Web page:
The Little Gulper shark is a dogfish found in the deepwaters of the Atlantic, Indian and Western Pacific Oceans. C.S. Rafinesque first described it in 1810.
Little Gulper Shark Scientific Classification
These sharks can grow up to 100-110 cm (3.3-3.6 ft). The maximum length on record is an adult male measuring 110 cm. They are small, with the maximum weight being 7.3 kg or 16 pounds.
Little gulper sharks are greyish-brown, with a lighter bottom and colored patches above the gills and on the dorsal fins. They have a long, pointed snout and characteristic large, green eyes. The teeth are bladelike; however, the ones in the lower jaw are much bigger. The dermal denticles are blunt and flat, which helps to distinguish it from similar species.
The pectoral fins have long, free and pointed rear ends. Spines top both the dorsal fins. The back is slightly hunched before the first dorsal fin, which is short. The second dorsal fin is nearly as high as the first. The tail fin is sharply notched, and there is no anal fin.
Where do they live
Map Of The Little Gulper Shark’s Habitat
These sharks inhabit the Western Atlantic in the Gulf of Mexico and the Eastern Atlantic off Spain, Gibraltar, Senegal, Ivory Coast to Nigeria, Cameroon to Angola, and northern Namibia, down to the Cape of Good Hope. They also occur in the Indian Ocean near Mozambique and India. They were also possibly reported in Taiwan, in the Western North Pacific.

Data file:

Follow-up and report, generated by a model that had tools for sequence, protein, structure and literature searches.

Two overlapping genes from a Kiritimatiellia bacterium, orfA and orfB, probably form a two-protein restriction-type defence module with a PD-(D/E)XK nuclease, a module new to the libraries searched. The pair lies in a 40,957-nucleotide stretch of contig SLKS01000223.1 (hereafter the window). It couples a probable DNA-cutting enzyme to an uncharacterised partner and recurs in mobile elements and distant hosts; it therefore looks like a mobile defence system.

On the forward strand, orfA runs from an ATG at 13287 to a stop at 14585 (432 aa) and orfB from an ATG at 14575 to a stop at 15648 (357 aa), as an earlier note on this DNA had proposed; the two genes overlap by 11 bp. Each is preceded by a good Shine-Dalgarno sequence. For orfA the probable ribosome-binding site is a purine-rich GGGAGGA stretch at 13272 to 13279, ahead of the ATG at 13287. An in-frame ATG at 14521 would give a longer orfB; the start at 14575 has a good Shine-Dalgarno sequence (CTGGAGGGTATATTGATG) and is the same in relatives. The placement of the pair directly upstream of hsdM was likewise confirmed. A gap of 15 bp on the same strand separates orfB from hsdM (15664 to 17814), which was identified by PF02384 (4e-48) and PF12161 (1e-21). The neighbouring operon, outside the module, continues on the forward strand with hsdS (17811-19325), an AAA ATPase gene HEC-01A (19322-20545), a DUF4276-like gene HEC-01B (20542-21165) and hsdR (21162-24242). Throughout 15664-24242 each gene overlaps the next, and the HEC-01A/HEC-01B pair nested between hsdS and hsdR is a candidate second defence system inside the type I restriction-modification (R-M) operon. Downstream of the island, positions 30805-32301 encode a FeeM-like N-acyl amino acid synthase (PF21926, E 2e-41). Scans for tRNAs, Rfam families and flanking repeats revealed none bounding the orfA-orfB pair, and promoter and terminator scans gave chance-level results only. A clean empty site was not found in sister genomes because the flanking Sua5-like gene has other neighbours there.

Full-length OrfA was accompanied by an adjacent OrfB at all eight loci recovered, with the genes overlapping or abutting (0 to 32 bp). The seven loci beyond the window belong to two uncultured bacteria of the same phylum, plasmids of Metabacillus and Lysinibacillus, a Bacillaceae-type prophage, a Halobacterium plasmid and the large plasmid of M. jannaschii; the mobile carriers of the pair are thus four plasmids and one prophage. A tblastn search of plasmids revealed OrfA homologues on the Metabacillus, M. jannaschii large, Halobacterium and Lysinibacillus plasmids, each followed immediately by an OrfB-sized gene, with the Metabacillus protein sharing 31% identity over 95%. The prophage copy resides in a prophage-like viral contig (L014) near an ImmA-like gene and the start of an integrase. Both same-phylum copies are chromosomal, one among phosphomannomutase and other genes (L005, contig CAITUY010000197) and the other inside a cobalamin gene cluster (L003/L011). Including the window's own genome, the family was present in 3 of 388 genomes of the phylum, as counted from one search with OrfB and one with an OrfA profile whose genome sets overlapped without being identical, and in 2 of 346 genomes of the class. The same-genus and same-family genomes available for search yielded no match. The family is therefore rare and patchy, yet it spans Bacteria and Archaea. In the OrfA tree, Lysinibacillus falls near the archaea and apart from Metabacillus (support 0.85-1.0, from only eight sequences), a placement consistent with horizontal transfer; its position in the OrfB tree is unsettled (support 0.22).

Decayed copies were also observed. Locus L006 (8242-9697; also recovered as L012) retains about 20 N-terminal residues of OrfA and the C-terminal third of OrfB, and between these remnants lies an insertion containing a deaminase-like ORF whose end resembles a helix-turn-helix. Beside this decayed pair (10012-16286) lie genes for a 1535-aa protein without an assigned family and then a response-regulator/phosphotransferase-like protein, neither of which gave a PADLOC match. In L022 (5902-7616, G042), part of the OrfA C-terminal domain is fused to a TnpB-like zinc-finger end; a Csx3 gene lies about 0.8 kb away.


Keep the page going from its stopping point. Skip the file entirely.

They live on or near the bottom of the continental shelves at depths of 50-1,400 m (165-4600 ft) but are most common at 200 m (655 ft).
Their primary diet is bony fishes and cephalopods.
They follow an ovoviviparous mode of reproduction. There is usually only one pup per litter, measuring around 40-50 cm (1.3-1.6 ft) at birth. The males reach sexual maturity at a length of 81-94 cm, and females mature at 75-89 cm.
The gulper shark gets its name from its highly expandable mouth, which allows it to catch larger prey than other similar-sized sharks. It also shares predatory features such as sharp smell, sight, and a streamlined body with other shark species.
Due to its deepwater habitat, this shark is considered harmless to humans. It is fished commercially and caught as a bycatch by trawlers, line gear, and bottom nets. Its meat is either dried and salted for consumption or used as fishmeal. The liver is a good source of fish liver oil.
The IUCN has listed this shark species as “Endangered” or “EN.”